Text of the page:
Farmers’ indigenous knowledge, perception and management practices of American fall army worm (Spodoptera frugiperda J. E. Smith) in maize crop productions in West Hararghe Zone, Ethiopia (Published)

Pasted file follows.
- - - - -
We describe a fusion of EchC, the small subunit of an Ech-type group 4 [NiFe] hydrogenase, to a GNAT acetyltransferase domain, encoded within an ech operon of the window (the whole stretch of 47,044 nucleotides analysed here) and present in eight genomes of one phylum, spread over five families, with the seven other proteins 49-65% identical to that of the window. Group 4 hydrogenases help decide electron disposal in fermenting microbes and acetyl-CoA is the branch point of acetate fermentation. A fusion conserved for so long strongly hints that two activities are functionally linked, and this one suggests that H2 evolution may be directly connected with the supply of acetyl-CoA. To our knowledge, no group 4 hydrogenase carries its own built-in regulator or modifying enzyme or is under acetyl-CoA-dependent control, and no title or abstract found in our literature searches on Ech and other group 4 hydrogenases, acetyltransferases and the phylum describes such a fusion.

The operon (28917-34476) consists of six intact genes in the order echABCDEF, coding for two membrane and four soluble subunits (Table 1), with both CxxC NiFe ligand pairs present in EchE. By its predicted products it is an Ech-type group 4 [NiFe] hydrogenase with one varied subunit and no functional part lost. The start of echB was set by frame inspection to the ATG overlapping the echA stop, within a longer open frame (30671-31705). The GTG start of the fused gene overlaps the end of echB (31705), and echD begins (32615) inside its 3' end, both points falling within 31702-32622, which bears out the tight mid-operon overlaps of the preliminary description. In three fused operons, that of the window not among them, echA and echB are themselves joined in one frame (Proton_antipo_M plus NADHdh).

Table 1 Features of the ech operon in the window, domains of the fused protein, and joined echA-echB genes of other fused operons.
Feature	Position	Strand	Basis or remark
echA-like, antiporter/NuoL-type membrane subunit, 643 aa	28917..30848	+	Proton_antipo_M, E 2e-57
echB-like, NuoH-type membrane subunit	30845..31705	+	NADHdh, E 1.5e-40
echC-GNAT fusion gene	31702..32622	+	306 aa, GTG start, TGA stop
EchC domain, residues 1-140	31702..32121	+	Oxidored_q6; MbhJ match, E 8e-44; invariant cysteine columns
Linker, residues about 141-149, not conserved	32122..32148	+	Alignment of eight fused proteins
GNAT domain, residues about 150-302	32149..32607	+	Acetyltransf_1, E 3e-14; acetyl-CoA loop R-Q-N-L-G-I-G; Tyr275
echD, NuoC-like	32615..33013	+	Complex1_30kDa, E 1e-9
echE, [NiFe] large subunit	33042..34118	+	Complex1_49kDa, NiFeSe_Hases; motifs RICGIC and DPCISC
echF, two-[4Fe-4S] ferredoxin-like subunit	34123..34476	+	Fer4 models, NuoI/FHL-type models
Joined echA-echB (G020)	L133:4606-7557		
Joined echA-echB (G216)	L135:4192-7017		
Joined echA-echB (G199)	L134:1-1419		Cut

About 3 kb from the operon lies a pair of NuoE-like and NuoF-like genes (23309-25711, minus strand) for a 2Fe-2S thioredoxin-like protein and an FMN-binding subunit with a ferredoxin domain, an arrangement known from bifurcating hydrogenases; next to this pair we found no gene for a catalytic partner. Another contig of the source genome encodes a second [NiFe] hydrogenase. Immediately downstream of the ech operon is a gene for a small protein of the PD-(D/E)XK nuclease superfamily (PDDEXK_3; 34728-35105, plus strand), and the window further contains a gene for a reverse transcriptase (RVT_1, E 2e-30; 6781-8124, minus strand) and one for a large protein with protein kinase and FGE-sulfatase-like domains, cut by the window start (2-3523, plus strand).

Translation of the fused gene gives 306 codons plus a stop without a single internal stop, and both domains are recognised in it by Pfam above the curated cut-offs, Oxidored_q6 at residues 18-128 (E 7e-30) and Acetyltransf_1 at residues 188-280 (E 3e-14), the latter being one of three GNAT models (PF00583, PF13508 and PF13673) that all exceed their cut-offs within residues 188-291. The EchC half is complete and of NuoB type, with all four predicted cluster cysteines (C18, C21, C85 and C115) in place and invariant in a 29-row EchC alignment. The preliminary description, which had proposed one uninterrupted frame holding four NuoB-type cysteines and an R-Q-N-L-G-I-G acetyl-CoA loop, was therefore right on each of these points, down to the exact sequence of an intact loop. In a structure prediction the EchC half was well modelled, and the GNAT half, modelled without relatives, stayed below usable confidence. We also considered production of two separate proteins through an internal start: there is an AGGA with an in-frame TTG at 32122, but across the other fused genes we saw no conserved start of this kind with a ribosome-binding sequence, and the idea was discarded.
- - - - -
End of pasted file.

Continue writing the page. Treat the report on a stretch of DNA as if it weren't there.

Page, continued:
The study was carried out to determine the farmers’ indigenous knowledge, perceptions on the infestation and damage level of American Fall Army Worm (AFAW) (Spodoptera frugiperda J. E. Smith) in maize cultivated fields at Chiro and Darolebu districts of West Hararghe zone, Ethiopia during the main cropping season of 20l8 to 2019 and also to assesses the indigenous knowledge and how the farmers manage AFAW in maize crop fields to further design and improve appropriate control mechanisms for the study areas. Sampling technique was purposive for identifying districts that had high maize crop production potential from both districts. From each district, three localities were selected purposively. A total of 207 respondents (51 Key Informants (KI) and 26 Focus Group Discussions (FGDs) per each locality from both study districts were interviewed and generated both qualitative and quantitative data on AFAW insect pest and its local management practices and losses in maize crops. All the respondents were reported that AFAW was caused damage and yield losses on maize fields at both study districts. They also reported that AFAW was in general feeders which attack many crop species. In the farmers‘ opinion, maize (76% and 72.88%), sorghum (13% and 18.56%), and millet (11% and 8.56%) were considered as the most susceptible at Chiro and Darolebu districts, respectively. On average, more than 25.90 % of the controls against this pest in all the study areas were often done through chemical and cultural control methods. The main control methods were used both insecticides and cultural at Darolebu (55.6%) and insecticides only at Chiro (20.8%) districts, respectively. From traditional management options, most of the discussants reported and used various particles like ash, urea, soils and botanical extracts such as tobacco, garlic, datura (banji), green pepper and also soap particles (66.6% and 18.5% from Darolebu and 29.7% and 4.7% Chiro districts, respectively. From all the study areas, 26.40% respondents reported that the mechanical methods were used by the removal of infested plants in the fields. But 14.35 % of respondents said did not use any traditional methods in the study areas. The FGD respondents suggested that it is better to have resistance and adaptable varieties that released for such agro-ecologies the same to our area. Also, they have emphasized that the government should be supplied fertilizers and different effective insecticides timely by affordable prices.